Above is Drew performing the Reverse Pic Drill in a single. Think about how many hours of slow motion practice, balance, and boat feel it has taken for him to get to this point. Look at where he slows things down to find better balance, feel, and connection to the boat and water. For him to make this better and go faster at full speed, he will probably need to practice this even slower. Now it’s your turn, get on an erg, setup a barbell, or get in a boat and master your movement skills with super slow motion. It’s harder than you think.
Share your thoughts and experience to comments.
23 Apr 2015
When performing cleans or snatches in a wod with moderate weight it is possible to touch and go. In order to touch and go there is a gathering point just above the knee when returning the weight to the floor where athletes lock in their posture and prepare their body for the next repetition. When rowing on the water many coaches talk about body preparation by half slide to be ready for the catch. This usually involves thinking about or feeling a gathering point as the bodies swing forward out of the finish so that everyone in the boat can get together and time the catch correctly. When rowing by yourself on the erg it is possible to slow yourself down on the recovery and gather yourself and your body preparation as you start to slide forward toward the next catch.
Take 5 minutes today to row nice and slow and see where you tend to gather yourself. Too often competitors or athletes in the gym gather at the finish and dump their weight to the floor. Instead think about the finish as a continuous movement and put a gathering point just after you swing the body forward and begin your slide. This will save energy, improve your sequencing, and make everything much smoother.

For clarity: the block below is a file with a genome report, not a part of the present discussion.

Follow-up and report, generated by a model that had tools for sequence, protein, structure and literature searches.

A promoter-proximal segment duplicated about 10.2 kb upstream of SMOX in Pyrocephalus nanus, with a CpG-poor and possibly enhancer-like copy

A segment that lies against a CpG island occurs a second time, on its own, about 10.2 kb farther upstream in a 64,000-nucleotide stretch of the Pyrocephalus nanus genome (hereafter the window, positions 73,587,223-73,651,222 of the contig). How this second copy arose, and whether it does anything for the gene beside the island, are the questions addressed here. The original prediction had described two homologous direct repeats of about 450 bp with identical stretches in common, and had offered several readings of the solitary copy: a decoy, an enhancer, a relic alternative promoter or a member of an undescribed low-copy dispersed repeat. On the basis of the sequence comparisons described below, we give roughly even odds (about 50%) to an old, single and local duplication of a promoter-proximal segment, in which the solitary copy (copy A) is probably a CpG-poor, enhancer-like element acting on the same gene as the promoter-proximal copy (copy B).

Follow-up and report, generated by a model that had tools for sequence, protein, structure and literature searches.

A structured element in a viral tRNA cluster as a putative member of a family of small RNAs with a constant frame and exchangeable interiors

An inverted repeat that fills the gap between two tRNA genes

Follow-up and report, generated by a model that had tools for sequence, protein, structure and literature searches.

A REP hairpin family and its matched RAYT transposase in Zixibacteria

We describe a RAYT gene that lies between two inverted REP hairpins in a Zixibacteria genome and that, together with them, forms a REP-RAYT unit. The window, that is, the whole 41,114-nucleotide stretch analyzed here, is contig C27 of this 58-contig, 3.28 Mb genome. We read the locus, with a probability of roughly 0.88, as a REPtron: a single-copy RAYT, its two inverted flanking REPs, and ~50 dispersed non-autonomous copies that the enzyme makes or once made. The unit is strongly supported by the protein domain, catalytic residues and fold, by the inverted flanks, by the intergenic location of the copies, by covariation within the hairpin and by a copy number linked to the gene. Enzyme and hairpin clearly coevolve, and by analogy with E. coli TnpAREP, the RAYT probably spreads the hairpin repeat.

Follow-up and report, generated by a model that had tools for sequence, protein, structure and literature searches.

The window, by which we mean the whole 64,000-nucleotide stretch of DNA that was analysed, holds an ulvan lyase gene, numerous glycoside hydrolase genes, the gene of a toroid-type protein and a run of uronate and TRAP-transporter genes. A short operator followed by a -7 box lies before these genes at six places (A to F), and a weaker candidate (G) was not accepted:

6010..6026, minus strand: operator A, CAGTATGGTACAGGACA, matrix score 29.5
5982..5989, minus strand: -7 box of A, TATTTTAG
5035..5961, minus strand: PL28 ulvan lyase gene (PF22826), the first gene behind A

When’s the last time you went for a row on the water or in the gym? When’s the last time you warmed up for rowing? When’s the last time you used Rowing as a warmup for something else? For many of you rowing is either your main sport or a foundational training tool that you use to get in wicked good shape. Regardless, anytime you pick up that handle you should be rowing with purpose and taking deliberate strokes. So how do we develop purpose and deliberate practice? A good place to start is the Reverse Pic Drill.
Every time I prescribe a rowing warmup I usually kick things off with the Reverse Pic Drill. It’s a drill that includes 4 progressions: